Educators and Students Learn Together With Digital Flagship

Annie Furia | November 12, 2019Four educators from the Department of Spanish and Portuguese stand together outside.
The group of educators from the Department of Spanish and Portuguese at the American Association of Teachers of Spanish and Portuguese conference, where they presented on their experience integrating technology into language courses. (From left: Holly Nibert, Anthony Palmiscno, Richard Henricksen, Leila Vieira)

As iPads become a common sight in classrooms across The Ohio State University, it’s not just the students who are learning with them; educators are also getting new insights into how a common technology can change the way they teach.

A group of educators in the Department of Spanish and Portuguese has been at the forefront of this learning experience. Assistant Language Program Director Richard Henricksen and graduate teaching associates Anthony Palmiscno and Leila Vieira applied to and participated in the initial 2018 Digital Flagship Educators cohort.

Learning Together

Members of the cohort are provided the same devices as students, but before jumping into teaching with their new technology, the educators had to be willing to learn. The cohort program also included training with Digital Flagship staff, which covered topics from basic technology features to digital literacy.

Henricksen said simply observing the Digital Flagship team teach using their iPads “opened up so many possibilities” for how he would use his own device in the classroom.

The training also gave these educators the opportunity to put themselves in a student’s shoes. They made projects using Adobe Spark, Clips and other apps students gain access to through Digital Flagship, which prepared them to bring these projects into their own classrooms.

“I had to do it, so now I feel way more comfortable telling my students to do it,” Vieira said. Knowing the amount of effort that goes into each project has caused her to break up major digital projects into more manageable daily assignments for students.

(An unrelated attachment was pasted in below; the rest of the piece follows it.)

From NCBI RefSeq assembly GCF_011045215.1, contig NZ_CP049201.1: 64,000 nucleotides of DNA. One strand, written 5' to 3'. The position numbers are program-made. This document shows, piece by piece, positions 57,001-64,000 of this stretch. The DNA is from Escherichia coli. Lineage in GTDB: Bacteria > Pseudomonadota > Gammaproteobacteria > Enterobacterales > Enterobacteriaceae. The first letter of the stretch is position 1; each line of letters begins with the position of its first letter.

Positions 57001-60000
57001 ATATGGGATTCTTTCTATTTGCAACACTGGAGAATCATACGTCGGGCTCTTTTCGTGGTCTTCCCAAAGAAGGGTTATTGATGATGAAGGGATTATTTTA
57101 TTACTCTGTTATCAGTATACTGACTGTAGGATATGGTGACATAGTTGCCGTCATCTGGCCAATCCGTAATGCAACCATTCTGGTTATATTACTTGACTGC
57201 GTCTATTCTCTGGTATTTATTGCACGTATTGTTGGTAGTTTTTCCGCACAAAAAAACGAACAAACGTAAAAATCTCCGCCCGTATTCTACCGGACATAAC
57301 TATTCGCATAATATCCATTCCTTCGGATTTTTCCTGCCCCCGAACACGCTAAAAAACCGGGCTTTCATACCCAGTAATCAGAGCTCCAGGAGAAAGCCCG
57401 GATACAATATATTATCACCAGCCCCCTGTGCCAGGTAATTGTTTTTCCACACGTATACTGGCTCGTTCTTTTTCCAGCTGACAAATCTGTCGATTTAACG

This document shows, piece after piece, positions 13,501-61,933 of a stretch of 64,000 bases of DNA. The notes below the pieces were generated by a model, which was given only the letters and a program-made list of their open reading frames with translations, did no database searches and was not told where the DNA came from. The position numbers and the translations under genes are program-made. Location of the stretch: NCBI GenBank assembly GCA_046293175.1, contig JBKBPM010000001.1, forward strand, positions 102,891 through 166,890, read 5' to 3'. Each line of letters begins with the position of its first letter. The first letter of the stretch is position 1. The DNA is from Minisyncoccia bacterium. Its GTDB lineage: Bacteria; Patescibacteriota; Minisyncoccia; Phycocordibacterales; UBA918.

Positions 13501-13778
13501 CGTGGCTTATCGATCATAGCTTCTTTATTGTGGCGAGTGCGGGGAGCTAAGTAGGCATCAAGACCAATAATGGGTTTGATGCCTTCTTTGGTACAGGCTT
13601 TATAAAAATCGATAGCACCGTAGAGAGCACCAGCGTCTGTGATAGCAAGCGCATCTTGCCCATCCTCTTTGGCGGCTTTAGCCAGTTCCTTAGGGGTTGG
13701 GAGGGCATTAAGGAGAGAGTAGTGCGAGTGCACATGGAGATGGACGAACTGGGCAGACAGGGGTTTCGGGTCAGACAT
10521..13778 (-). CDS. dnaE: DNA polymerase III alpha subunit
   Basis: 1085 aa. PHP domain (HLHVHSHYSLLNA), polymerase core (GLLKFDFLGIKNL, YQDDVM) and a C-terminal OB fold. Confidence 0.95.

The training also opened their eyes to aspects of the student experience they hadn’t considered before, like students who aren’t technologically savvy.

When it comes to technology, “we assume students automatically know how to do everything, but they don’t,” Palmiscno said. The training made him realize that students may need more guidance on how to use apps or even the device itself.

For Henricksen, the solution was leading by example. “I had to model the behavior by projecting my iPad on the screen and showing them where I was going,” he said, rather than expecting students to figure it out on their own.

Palmiscno said both students and educators need to exercise patience as technology becomes more prevalent in classrooms. “This is a learning process for everyone.” 

Beyond the Classroom

Access to technology has offered opportunities to extend learning even outside the classroom, which helped win over Language Program Director Holly Nibert.

Nibert said she’s always looking for ways to encourage students to practice speaking Spanish, but “classroom time is always a limitation, especially for online.” Adding more speaking practice as homework can burden educators with the task of enforcing the assignment.

Enter Flipgrid, an education-focused app where users can upload videos to a virtual classroom space. The educators use the app to pose a question, then students post their video responses in Spanish. It’s the discussion board brought to life, complete with colorful emoji stickers.

“It’s almost like a conversation,” Nibert said.

“And it didn’t take time out of class,” Palmiscno added, “so we could use class time for other things.”

Vieira turns a familiar practice, taking photos and uploading them for others to see, into a learning opportunity with the collaboration app Padlet. Students add captions in Spanish, practicing their vocabulary and connecting with their classmates through likes and comments.

Digital projects created with university-provided apps also reach beyond the classroom in other ways.

Students are “creating a project that they’re wanting to share and able to share,” Henricksen said. “They can put a link to those on a resume if they want to.”

Next Steps

In addition to offering more immersion courses in the future, the team will also be sharing what they’ve learned with other educators. Having already presented at the summer 2019 conference for the American Association of Teachers of Spanish and Portuguese, they’ll attend the Mellon Language Colloquium on November 16 to present again. There educators will once again play the role of student, as the Ohio State team shares their insights with language programs at other colleges.

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